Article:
Yes, this column is all bull.
You’ve been saying it for years and today we confirm it with a story that is a metaphor for all that is going wrong in this weirdly woke world that is making the majority metal lovers bow to the whims of the evil electricians who hate all that is good – like V8s, exhaust systems that make noise, manual gears, drive-ins and car-based horizontal folk dancing.
Nine years ago, reader 17, Lee Meyer of Norfolk, Nebraska, bought a Watusi bull he named Howdy Doody. Twenty readers, no friends (now that the old bloke dudded me in Australia’s best sports event, the Leyburn Sprints and kudos to the race announcer who asked the 20,000 fans and four people viewing the narrowcast – soon to be on Kayo – “What mother would call her baby Michael McMichael?”) and one member of the family who only reads to stay in the will, Norfolk, Nebraska should be on the top of your bucket list.
Of course, Norfolk is best known as the home to Johnny Carson, but there’s so much more to discover. Axe throwing, geocaching, disc golf, apple orchards, trap shooting, pheasant, quail, turkey and deer hunting (no woke here) and horseshoes. But wait for it! Yup it’s pedal therapy.
I know Monte Carlo at F1 time might sound and feel exciting (and of course we’re reporting this morning on the most exciting F1 race in 20 years, guess who won for the ninth time this year?) or a flat off the Boulevard St Michel, where you can talk like Marlene Dietrich and dance like Zizi Jeanmaire or like me, go topless on the sand at Juan-les-Pins, go snowing in St Moritz or shiver in the only freshwater ice bath in the world at Shelter, just up the road from the North Bondi RSL, where Fridays there are always meat tray raffles. The trays will even appeal to vegetarians that like chops.
No flaneurs, Norfolk has Pedal Therapy. Yup even I have to admit to liking something that is green, non-polluting and exercises mind, spirit and body. Norfolk’s is the world’s first and only pedal pub offering. It’s a unique opportunity to experience Norfolk’s vibrant downtown district in an entirely new way while sipping drinks alongside a group of your best friends, co-workers, or even, at a big stretch, family. The camaraderie of good company, the merriment of strong drink, all against the backdrop of a buzzing and beautiful, eclectic downtown setting is why Norfolk is your dream destination.
Anyway, Lee Meyer and Howdy Doody were minding their own business cruising down the highway in their Ford Crown Victoria sedan (Ford’s most profitable car ever, yours in mint condition for about $3k with no bull), when some woke anti-V8 crusader called 911 and complained. The Captain Plod of the local constabulary, Chad Reiman, was straight on the job. (Chad has been with the Norfolk Police Division since July 1997 and was promoted to captain in May 2019.)
“It didn’t take long for my officers to track down the modified Ford Crown Victoria sedan with a million kilo bull with horns longer than the queue waiting for free Coopers day at the Kensi”, Captain Reiman said. In the quote of the year Chad told me via the agricultural psychic AP internet that “we didn’t have a full understanding of it until we saw it”.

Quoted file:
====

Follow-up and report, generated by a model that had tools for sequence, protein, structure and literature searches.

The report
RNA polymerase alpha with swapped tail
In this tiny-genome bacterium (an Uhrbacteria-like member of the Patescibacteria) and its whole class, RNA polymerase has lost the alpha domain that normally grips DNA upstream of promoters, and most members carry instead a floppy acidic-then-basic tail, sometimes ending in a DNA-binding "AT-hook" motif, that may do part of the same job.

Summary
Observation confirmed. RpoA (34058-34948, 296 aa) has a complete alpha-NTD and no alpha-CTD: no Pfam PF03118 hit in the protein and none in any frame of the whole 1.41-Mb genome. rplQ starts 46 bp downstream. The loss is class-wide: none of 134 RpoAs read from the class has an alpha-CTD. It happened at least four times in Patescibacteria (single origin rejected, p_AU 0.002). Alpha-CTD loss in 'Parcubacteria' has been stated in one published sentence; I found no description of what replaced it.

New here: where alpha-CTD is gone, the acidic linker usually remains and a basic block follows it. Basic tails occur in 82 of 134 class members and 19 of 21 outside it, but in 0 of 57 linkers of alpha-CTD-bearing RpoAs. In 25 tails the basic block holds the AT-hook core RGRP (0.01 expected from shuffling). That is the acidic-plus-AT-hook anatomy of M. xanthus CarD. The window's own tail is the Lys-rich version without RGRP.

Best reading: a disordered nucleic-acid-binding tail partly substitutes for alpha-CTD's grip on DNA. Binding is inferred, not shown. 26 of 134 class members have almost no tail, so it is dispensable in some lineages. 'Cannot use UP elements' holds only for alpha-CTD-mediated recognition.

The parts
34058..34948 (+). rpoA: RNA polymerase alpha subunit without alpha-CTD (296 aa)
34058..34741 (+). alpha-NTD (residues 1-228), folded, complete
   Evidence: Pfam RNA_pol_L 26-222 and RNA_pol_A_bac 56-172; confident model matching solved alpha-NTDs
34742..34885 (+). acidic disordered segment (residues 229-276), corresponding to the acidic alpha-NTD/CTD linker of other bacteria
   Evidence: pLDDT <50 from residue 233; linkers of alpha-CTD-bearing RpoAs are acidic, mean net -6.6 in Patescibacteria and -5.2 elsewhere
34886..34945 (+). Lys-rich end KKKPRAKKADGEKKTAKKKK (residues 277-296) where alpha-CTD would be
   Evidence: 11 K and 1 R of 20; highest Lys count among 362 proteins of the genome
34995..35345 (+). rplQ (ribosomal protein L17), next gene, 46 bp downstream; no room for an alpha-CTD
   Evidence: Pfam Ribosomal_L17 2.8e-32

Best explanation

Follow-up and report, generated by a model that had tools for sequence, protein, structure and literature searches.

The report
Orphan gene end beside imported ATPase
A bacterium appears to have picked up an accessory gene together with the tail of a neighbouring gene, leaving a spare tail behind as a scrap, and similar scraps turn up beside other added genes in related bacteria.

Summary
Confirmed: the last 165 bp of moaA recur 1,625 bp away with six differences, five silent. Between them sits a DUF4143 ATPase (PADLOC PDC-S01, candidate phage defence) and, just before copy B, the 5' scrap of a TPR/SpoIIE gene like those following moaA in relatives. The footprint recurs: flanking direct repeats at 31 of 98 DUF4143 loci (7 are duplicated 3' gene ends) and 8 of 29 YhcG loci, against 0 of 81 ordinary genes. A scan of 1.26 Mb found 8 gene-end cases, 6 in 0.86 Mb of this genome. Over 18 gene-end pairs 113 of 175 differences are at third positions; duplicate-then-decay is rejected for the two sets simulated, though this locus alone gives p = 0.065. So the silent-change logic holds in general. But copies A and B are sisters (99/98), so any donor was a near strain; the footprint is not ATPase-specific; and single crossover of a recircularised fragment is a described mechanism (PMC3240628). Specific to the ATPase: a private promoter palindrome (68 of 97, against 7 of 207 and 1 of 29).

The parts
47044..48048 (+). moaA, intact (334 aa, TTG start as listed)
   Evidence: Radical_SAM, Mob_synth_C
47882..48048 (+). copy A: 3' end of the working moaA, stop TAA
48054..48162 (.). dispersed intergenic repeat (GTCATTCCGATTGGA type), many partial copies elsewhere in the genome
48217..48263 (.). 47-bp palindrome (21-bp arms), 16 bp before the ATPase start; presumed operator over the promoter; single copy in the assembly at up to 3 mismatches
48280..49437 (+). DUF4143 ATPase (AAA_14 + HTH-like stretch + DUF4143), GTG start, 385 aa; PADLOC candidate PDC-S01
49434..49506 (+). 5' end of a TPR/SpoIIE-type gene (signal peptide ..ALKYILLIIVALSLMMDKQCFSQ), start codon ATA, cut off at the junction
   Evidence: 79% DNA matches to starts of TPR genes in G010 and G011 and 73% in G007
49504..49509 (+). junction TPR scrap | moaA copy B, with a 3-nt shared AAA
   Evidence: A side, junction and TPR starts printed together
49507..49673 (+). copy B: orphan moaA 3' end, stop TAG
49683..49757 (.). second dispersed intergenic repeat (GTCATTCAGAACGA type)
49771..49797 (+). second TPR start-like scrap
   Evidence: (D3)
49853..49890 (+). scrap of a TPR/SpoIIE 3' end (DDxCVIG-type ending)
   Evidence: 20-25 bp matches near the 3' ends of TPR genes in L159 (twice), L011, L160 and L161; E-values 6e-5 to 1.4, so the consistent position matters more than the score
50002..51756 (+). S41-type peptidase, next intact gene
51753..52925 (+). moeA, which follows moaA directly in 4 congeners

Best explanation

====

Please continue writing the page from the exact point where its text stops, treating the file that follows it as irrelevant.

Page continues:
Earth to Chad. Lee and Howdy Doody make Taylor Swift and Hamo look like nobodies. They have driven in parades for years.
Of course, and not being body shaming, Howdy is a little large even for a Crown, so Lee cut the windshield in half and cut off the roof, installed a yellow metal cattle gate as the passenger side door, and has longhorns as a hood ornament.
Lee’s other partner, Rhonda Meyer, told me: “The amount of money that he’s spent on this whole darn project between the car and the bull I could’ve had a brand-new kitchen.” Jealously is a curse, Rhonda. Anyway, Captain Chad Reiman said there were clearly some traffic violations related to Meyer’s car, but the officer let him off with a warning as long as he turned around and took Howdy Doody home.
It rained then it didn’t and then it did at last Sunday’s F1 at Clogworld. So that combined with the narrowest pitlane outside Monte Carlo, Juan-les-Pins and North Bondi and Ferrari’s appalling pit crew (“You’re coming in for what? Oh tyres! Let me run over to Jax and see if they have four wets in our size.”) Commentators will tell you the racing was close. Given the prangs, the safety cars and the weather of course it was. Didn’t worry Mad Max, who could take out the world title in Japan in a few weeks. Didn’t worry the world’s oldest F1 racer, Ferdy Alonso, and Pete Gasly, who took out first and second of the losers, nor Hamo, who drove an unbelievable race into sixth.
Next stop is the historic Monza circuit this weekend where Ferrari will finally take the Italian solution to every problem, new clothes. Forget downforce. “With a healthy splash of yellow, both the car and the drivers will be decked out in honour of the Le Mans victory.” Yup take every win wherever you can get it.
Total auction sales were down $100m at Monterey this year. Sell through rate was a low 68 per cent. Even the top seller, a 1967 Ferrari 412P at Bonhams, went for $16m below expectations at $42m. Another Fezzer, a1964 Ferrari 250 LM at Sotheby’s, reached $24m but was passed in. Prices for Porkers were all over the place. Pre-war cars did really well but bottom line, the market only wanted perfect cars.
Here’s the red flags I’ve been warning you about. Got some less than great classics in the portfolio? Time to punt them.
Lotus Brisbane’s Craig Rose and I will be donating a couple of grand to Small Steps 4 Hannah. Small Steps was set up by the parents of Brisbane mum Hannah Clarke. Hannah and her three kids – Aaliyah, 6, Laianah, 4, and Trey, 3, were killed in February 2020 by her husband. Small Steps 4 Hannah raises funds to support victims of domestic violence. You can donate here: HALT domestic and family violence (smallsteps4hannah.com.au)